Is the Internet making it easier to cheat?

Posted by Brooke M.

Should we blame the internet for an increase of infidelity? Between dating apps, social media, and sites catered to people looking to have an affair it is safe to assume the internet has played a big part in the rise of divorce rates.

An interesting study conducted in 2011 by Divorce-Online, a UK-based legal services firm, found that over one-third of divorce petitions cited the word “Facebook”. According to the study the top reasons why social media platform, Facebook, was mentioned was due to having inappropriate messages, bashing each other on social media and from reporting spouse behavior. Facebook is one of many outlets available for married people to search for love interests or engage in appropriate behavior.  

The reality is that no matter how you spin it online affairs are just as hurtful as real life ones. Emotional relationships can be just as hurtful as physical ones because they spur feelings of anger, insecurity and jealousy. Sometimes people even find it an easier pill to swallow when the cheating is purely physical versus an emotional affair. The main reason behind that is because an emotional affair generally means the other spouse has already thrown in the towel on your relationship versus a one night-stand.

People are now looking for new love online when there’s trouble in their marriage. It is an easy medium to use when seeking gratification from other people who are interested in you. Those who are using the internet to seek attention from others have many tools they can utilize that specifically caters to people who are looking to flirt, meet and develop deeper relationships. Married people can search for new partners if their marriage is not satisfying them in a way it once did.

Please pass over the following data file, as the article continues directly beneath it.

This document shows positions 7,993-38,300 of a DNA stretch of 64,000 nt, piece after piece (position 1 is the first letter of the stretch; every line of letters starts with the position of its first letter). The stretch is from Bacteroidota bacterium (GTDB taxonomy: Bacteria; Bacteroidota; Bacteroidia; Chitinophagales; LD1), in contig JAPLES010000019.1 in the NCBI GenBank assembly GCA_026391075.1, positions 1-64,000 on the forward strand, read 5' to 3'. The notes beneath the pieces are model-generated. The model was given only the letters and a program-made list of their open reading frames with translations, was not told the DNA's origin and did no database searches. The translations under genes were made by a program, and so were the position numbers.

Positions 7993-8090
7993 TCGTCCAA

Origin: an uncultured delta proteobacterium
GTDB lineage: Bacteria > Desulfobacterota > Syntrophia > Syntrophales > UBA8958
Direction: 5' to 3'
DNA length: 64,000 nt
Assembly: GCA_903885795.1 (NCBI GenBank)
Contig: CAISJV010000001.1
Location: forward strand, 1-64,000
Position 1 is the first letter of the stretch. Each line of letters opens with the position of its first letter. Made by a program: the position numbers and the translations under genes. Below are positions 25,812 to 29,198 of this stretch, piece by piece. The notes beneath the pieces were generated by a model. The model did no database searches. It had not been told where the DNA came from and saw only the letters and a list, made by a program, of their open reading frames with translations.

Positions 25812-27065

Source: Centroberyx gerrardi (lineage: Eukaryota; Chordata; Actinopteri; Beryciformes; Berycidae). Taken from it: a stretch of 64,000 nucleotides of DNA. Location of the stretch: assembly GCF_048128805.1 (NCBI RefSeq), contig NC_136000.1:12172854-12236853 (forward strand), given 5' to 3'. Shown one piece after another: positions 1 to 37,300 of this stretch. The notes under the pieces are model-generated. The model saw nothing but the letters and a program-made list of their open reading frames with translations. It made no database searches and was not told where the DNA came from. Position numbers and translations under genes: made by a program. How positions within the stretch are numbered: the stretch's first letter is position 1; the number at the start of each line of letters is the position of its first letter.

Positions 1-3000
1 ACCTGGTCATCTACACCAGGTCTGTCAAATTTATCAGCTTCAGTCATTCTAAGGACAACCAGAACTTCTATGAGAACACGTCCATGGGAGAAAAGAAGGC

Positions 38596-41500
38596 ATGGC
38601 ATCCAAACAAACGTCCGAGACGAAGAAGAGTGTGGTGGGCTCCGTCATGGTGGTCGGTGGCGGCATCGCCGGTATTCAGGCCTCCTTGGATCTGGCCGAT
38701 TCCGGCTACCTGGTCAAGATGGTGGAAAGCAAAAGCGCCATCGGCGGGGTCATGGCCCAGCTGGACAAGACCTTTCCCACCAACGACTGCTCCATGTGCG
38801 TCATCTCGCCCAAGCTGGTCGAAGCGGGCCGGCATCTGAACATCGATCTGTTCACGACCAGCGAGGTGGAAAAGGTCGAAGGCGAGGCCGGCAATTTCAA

Internet is soon to become one of the leading cause of infidelity. Beatriz Mileham of Gainsville University conducted an in-depth interview with 76 Men and 10 Women, aged 25-66, who use the “Married and Flirting” chat rooms. 83% of the surveyors did not consider themselves cheating while 17% agreed that what they were doing was a “weak” form of infidelity.  The most common issue is that even when nothing physical happens the feeling of infidelity is as much as if the affair was physical. The study went on to find out that a third of the study did, in fact, go on to meet with whom they have been in contact.

It appears that the internet is not causing more relationships to fail but bringing problems that already exist in the relationship to the surface. The internet has only made it easier for people to act on their own desires. Though the opportunity for cheating presents itself more frequently than it has before, it is our responsibility to manage our relationships.

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